Read: Aurora Station: World’s first luxury space hotel to debut in 2022

 

 

Tectonic: Italian Volcanic Island Of Stromboli is Erupting

Tectonic: Italian Volcanic Island Of Stromboli is Erupting

A volcano has erupted on the Italian island of Stromboli, killing one hiker and injuring a second. Lava streams and rocks have been slowly making their way down the volcano’s slopes following the eruption yesterday afternoon.

WATCH ON DVD: Volcanoes & Extreme Landscapes

Stromboli has a population of around 500, and its volcano is very active with frequent minor eruptions, making for an adrenaline junky’s paradise. As many as 7000 tourists flock to the island every summer to take in its incredible natural beauty, challenging landscape and Italian Island charm.

READ: Fireworks Night: Trekking Mount Stromboli

Yesterday’s eruption is described as a ‘major eruption’ with two major explosive events occurring. Tourist’s and locals alike have described scenes of people fleeing hotels and restaurants and jumping into the sea in a state of panic.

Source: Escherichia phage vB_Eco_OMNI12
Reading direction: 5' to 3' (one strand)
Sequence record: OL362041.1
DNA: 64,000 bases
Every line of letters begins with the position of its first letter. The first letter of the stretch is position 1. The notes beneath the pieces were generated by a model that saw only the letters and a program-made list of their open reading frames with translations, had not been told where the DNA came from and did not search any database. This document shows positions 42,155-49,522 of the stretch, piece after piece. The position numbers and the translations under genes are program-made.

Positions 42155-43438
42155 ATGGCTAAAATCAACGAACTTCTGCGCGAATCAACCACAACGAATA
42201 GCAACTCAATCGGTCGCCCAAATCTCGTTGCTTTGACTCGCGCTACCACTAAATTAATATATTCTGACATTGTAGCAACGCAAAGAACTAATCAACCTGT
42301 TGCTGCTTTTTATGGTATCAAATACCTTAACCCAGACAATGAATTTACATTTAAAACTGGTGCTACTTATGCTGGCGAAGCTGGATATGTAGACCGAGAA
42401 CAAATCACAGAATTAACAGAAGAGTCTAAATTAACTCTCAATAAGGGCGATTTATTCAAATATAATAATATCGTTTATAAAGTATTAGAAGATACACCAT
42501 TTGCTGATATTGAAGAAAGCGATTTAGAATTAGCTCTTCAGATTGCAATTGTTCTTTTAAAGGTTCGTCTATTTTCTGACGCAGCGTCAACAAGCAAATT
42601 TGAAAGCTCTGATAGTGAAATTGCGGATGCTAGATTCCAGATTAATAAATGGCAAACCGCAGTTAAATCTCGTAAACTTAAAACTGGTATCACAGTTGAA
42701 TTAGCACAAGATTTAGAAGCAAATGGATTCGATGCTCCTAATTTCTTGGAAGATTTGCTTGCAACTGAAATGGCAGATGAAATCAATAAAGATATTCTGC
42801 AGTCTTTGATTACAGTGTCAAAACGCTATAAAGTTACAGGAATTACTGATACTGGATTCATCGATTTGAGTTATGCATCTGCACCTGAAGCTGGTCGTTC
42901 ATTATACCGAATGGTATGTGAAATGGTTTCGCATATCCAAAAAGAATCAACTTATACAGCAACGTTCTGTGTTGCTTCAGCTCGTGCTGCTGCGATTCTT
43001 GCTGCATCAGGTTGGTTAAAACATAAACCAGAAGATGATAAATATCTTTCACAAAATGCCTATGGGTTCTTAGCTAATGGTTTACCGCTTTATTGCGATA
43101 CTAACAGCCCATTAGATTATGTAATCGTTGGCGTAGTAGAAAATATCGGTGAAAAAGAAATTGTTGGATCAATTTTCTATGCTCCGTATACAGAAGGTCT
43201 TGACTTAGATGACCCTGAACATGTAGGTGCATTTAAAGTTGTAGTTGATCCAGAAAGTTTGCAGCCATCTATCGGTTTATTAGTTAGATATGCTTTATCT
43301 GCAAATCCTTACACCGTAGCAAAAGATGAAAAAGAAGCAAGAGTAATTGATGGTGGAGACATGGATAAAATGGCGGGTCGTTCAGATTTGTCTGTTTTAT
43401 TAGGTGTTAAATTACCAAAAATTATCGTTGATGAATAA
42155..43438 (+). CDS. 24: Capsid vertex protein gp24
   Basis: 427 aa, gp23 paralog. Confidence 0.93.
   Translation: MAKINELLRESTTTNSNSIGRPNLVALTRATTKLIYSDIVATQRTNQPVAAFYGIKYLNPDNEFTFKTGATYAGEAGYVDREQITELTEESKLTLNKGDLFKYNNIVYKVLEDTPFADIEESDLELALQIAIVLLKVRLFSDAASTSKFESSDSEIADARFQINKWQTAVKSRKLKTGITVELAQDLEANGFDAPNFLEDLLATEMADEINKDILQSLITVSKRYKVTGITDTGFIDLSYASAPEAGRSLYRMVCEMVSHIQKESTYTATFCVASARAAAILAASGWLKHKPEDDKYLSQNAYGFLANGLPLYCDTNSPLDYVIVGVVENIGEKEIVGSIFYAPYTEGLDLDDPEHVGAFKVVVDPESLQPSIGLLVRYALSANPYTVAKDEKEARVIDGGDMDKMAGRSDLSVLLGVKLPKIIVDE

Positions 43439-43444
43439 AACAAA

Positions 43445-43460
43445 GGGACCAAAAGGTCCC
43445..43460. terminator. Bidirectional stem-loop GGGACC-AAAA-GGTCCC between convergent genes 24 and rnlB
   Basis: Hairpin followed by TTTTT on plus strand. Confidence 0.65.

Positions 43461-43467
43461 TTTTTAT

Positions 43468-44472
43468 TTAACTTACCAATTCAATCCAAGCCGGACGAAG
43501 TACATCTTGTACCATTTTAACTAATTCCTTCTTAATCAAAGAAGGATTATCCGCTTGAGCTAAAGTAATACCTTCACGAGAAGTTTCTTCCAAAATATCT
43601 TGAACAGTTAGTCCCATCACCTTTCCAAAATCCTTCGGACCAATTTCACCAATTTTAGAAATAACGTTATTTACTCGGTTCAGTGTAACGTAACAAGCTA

READ: Study Guide: Volcanoes

The Aeolian Islands, where Stromboli is situated, are a volcanic archipelago in the Tyrrhenian Sea, and are listed by UNESCO as a World Heritage Site for providing “an outstanding record of volcanic island building and destruction, and ongoing volcanic phenomena”. Stromboli has been in a state of almost continuous eruption for the past 2000 years, its eruptions characterised as short and mild blasts of lava and rock and a slow and viscous flow of lava.

WATCH ON DVD: Globe Trekker – Cosica, Sicily & Sardinia where traveller Ian Wright visits the spitting summit of stromboli

 

Main Image: Flrnt, Stromboli, Flickr Creative Commons

By Sofi Pickering

Decommissioned Turkish Plane Becomes A Diving Attraction

Decommissioned Turkish Plane Becomes A Diving Attraction

A decommissioned Airbus A330 has been sunk in the Gulf of Saros, Erdine, Turkey in order to attract diving tourism.

The operation, which involved slowly submerging the 90 Ton aircraft with deflatable flotation devices, took 4 hours to complete, and saw the plane reach the Aegean seabed at a depth of 30m.